Prime Minister Benjamin Netanyahu is set to depart Wednesday for a two-day visit in Lisbon, where he will meet with U.S. Secretary of State Mike Pompeo, after an initial plan to meet Pompeo in London during the NATO summit had been called off.
According to Netanyahu's office, the two will discuss "Iran and the region's developments."
Netanyahu's Thursday meeting with Pompeo comes after his phone call with President Donald Trump on Sunday, when they also discussed the annexation of the Jordan Valley, which Netanyahu told voters in September he would achieve.
While in Portugal, Netanyahu is also scheduled to meet with Prime Minister Antonio Costa and Foreign Minister Augusto Santos Silva.
Before taking off from Tel Aviv, Netanyahu told reporters his meeting with Pompeo would be focused on “Iran, first of all,” a mutual defense treaty and a “future” American recognition of Israel’s annexation of the Jordan Valley.
Asked by reporters about comments made earlier on Wednesday by Likud lawmaker Miki Zohar, who told Kan Bet public radio there would be “no more negotiations” on a unity government with Kahol Lavan, Netanyahu said he “expressed deep frustration felt by many in Likud and in the general public over the fact that after the generous proposals we gave Kahol Lavan, they wouldn’t move even a nanometer… They simply refuse [a unity government], which clashes with very important national interests, because of the individual interests of one person, Yair Lapid.”
Likud has argued Kahol Lavan co-leader Lapid is behind the party’s objection to sit in a government with Netanyahu.
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If unity talks fail, “we’ll go to election, and we’ll win it,” Netanyahu added.
Netanyahu also said the Trump administration’s pressure campaign against Iran is working, citing ongoing protests in the country, adding that “it’s important to increase the pressure against Iranian aggression.”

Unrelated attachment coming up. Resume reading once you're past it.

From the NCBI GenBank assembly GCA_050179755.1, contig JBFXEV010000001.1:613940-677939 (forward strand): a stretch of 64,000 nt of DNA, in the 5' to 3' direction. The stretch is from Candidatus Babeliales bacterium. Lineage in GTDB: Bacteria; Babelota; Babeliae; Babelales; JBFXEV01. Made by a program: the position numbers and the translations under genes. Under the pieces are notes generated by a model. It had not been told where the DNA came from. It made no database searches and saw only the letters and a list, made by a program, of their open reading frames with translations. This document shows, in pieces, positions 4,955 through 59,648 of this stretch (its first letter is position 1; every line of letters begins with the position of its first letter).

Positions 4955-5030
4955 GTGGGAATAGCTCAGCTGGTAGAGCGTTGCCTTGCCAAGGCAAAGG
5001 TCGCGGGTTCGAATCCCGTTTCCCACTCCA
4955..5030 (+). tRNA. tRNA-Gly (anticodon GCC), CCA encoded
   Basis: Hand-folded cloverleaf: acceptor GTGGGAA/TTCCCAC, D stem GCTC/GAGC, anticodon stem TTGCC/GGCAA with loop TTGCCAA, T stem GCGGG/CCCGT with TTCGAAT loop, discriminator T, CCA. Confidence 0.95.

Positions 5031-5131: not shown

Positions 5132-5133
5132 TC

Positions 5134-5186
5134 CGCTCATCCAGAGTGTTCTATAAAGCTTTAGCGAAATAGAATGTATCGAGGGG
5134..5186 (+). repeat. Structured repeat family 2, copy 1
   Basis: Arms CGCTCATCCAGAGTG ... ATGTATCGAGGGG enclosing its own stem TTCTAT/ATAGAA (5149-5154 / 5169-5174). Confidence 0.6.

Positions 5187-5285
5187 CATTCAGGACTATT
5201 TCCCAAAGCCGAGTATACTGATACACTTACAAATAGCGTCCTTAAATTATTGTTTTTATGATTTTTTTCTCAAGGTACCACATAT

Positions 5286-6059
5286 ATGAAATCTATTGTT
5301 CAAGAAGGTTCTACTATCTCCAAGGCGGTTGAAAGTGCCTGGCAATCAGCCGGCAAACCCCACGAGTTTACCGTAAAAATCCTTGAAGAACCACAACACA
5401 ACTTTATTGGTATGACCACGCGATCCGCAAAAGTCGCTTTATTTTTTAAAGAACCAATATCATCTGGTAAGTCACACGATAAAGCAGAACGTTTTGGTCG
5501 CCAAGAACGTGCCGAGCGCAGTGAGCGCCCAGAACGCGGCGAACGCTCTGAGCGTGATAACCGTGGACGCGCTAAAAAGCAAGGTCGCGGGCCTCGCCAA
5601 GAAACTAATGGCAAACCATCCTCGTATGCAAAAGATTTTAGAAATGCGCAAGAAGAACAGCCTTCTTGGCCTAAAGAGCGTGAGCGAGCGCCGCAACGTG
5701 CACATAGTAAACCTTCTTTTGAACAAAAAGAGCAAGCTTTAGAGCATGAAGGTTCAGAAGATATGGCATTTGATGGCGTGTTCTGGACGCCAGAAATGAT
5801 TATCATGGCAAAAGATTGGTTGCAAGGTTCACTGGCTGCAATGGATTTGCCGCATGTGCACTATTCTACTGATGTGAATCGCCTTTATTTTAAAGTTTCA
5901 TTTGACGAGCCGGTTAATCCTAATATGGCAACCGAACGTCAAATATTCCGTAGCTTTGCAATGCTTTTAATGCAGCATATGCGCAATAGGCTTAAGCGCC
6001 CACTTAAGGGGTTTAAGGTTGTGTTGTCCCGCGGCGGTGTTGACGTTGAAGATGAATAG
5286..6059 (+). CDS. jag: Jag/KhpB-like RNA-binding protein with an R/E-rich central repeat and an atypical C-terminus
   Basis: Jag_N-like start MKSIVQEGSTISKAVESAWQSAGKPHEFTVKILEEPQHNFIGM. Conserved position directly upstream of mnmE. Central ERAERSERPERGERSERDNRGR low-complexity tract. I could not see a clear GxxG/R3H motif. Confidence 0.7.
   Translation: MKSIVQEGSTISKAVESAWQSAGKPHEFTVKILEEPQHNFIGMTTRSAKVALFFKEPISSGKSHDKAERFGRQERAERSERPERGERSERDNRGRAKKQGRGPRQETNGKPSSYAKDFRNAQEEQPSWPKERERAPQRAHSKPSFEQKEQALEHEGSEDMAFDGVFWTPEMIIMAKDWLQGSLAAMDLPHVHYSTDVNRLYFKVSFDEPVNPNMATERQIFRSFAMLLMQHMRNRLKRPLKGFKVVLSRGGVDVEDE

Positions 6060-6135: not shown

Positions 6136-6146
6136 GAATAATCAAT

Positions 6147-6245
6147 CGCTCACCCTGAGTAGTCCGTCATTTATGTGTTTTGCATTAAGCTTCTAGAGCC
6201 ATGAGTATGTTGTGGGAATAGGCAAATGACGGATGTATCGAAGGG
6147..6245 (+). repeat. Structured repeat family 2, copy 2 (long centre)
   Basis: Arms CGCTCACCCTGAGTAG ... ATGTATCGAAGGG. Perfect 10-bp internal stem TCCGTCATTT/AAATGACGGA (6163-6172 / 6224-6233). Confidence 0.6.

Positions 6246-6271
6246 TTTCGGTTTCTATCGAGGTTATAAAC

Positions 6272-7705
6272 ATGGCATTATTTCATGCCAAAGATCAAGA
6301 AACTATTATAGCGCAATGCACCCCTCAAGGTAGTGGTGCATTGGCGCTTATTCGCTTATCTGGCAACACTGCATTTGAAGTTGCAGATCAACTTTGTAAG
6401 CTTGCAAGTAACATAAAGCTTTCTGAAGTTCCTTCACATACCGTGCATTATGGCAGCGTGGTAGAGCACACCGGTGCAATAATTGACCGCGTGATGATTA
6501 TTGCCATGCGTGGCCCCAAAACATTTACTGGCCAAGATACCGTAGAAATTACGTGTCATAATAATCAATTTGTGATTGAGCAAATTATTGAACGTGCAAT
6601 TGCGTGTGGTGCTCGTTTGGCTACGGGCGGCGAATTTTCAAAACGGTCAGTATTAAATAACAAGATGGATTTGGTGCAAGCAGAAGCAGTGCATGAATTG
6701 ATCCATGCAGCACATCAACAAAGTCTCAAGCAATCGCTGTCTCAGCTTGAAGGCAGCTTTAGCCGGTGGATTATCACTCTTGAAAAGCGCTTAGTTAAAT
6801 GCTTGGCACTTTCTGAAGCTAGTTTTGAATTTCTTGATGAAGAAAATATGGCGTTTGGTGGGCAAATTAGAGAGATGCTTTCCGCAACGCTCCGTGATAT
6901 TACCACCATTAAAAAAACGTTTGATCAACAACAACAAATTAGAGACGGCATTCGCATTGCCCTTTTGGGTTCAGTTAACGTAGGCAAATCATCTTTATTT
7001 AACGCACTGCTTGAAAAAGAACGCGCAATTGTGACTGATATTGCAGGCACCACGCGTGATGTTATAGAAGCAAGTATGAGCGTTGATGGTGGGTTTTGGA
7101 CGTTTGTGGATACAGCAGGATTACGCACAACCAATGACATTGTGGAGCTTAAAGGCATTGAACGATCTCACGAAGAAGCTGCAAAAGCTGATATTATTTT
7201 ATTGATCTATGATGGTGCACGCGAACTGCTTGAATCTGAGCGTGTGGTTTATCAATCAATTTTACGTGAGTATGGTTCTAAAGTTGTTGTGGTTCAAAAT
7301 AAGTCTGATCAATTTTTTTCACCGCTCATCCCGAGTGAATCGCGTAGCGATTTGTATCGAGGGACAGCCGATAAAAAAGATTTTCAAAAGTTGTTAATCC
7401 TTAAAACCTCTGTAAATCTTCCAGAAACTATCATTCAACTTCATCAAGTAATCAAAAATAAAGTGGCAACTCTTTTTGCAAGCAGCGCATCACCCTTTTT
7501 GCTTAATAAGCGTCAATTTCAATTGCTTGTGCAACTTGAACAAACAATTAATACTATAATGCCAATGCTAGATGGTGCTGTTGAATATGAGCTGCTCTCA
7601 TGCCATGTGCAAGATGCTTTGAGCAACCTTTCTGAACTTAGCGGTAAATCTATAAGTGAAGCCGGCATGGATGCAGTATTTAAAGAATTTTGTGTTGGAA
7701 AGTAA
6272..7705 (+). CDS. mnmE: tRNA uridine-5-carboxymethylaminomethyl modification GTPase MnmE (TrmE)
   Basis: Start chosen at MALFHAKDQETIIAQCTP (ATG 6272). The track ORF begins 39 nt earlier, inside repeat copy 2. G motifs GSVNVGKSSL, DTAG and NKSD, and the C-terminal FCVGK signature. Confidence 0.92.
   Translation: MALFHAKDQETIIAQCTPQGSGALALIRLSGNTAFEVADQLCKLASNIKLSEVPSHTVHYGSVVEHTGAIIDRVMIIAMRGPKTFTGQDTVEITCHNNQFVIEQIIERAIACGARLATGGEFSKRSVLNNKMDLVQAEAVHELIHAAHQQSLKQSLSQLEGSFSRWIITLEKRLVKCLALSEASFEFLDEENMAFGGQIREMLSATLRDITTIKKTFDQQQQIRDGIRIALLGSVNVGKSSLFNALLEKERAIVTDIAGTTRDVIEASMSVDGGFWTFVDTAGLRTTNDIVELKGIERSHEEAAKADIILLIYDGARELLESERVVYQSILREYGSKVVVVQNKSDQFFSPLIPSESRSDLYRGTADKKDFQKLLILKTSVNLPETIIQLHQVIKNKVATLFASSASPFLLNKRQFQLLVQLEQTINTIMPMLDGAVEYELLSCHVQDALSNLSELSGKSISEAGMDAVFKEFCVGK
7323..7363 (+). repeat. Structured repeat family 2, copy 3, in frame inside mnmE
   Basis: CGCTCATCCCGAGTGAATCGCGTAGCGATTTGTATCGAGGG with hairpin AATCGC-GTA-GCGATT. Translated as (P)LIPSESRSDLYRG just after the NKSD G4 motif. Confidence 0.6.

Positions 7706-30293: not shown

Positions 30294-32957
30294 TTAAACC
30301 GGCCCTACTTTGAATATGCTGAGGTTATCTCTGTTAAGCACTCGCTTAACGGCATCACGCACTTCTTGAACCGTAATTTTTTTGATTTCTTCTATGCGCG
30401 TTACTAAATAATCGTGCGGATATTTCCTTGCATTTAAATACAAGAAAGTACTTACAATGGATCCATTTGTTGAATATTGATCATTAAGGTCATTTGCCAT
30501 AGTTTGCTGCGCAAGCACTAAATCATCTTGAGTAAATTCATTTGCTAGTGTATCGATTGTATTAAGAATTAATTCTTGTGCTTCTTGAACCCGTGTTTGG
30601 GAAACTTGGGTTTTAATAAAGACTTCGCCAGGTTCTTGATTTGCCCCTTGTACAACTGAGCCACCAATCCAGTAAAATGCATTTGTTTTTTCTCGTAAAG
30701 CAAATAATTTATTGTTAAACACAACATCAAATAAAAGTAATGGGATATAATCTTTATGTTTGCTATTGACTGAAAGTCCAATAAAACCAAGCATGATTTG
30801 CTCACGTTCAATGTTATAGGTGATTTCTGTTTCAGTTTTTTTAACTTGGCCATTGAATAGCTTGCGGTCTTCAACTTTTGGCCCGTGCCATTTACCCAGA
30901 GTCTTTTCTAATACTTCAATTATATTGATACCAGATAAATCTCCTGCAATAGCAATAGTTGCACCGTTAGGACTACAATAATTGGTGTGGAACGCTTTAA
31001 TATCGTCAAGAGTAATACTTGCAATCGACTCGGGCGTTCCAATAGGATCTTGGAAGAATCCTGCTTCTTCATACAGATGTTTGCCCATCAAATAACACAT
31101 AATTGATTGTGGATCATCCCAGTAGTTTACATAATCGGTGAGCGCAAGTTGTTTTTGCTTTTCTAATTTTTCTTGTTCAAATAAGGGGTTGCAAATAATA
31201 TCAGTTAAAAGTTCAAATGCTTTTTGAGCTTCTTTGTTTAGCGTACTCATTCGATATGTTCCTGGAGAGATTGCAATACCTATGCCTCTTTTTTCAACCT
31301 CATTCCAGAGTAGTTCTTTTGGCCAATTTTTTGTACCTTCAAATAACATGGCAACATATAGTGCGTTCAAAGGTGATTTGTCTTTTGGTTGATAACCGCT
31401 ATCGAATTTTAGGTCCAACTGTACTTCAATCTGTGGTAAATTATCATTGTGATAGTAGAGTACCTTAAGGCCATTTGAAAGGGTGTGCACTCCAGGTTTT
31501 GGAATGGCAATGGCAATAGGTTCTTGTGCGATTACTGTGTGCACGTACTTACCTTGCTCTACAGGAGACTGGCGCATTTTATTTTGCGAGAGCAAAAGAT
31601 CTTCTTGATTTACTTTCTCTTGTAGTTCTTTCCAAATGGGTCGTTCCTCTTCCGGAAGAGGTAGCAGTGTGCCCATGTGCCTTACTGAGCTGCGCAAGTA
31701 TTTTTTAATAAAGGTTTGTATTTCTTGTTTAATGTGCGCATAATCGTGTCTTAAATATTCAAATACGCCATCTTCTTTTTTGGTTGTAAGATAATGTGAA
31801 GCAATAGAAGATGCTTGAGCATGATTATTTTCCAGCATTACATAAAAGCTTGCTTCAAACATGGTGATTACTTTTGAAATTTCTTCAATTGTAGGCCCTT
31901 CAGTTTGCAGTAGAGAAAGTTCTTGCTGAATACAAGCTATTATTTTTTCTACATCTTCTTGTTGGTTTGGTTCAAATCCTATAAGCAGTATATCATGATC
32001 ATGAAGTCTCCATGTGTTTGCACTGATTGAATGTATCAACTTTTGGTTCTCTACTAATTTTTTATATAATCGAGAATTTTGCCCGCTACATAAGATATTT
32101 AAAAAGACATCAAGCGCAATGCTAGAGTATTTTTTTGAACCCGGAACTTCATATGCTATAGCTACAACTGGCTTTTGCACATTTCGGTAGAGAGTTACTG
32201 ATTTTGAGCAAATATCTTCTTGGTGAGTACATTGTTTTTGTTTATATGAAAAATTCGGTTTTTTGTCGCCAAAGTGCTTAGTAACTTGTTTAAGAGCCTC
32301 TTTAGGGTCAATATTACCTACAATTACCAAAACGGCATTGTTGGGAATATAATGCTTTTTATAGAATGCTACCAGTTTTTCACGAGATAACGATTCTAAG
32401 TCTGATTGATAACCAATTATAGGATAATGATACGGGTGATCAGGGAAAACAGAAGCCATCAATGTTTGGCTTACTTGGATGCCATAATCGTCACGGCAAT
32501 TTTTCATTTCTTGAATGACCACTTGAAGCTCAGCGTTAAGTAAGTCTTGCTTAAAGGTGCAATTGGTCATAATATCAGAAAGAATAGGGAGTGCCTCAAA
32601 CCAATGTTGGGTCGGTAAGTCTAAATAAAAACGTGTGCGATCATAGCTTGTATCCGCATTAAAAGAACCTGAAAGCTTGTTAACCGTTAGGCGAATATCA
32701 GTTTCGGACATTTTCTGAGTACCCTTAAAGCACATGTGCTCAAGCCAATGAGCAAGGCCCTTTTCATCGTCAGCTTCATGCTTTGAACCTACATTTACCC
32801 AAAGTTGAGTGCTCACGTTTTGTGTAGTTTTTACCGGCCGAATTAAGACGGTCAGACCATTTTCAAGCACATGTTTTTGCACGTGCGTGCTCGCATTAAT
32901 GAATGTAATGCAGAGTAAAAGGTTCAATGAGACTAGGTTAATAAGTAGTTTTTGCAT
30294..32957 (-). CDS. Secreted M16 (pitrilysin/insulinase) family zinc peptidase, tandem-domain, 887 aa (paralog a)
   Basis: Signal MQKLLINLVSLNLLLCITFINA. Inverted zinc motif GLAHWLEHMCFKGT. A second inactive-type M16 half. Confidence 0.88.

The visit comes at a sensitive political time in Israel, as lawmakers have a week left to nominate a candidate for prime minister before a new election is triggered, which would be the third within a year.
In coalition talks with Benny Gantz's Kahol Lavan party, which now appear to be at an impasse, Netanyahu – facing indictment in three corruption cases – has insisted on serving first in the case of a rotation unity government. His argument is that he wants to "exhaust processes" which he started with the Trump administration, most notably regarding annexation.
Netanyahu planned a visit to the NATO summit that started Tuesday in London, but officials involved in the planning of Netanyahu’s visit told Haaretz it was canceled over “logistical problems,” adding that the Israeli team gave organizers only a short notice.
That was the second time in recent months that Netanyahu plans snap visits to the United Kingdom to meet with American officials, requiring preparations by British security agencies, also facing a rising threat of terrorism.
In September he did so to meet with Defense Secretary Mark Esper. At the same time, he tried to squeeze in a meeting with British Prime Minister Boris Johnson, who was himself in the midst of a political crisis and only managed to give him half an hour of his time.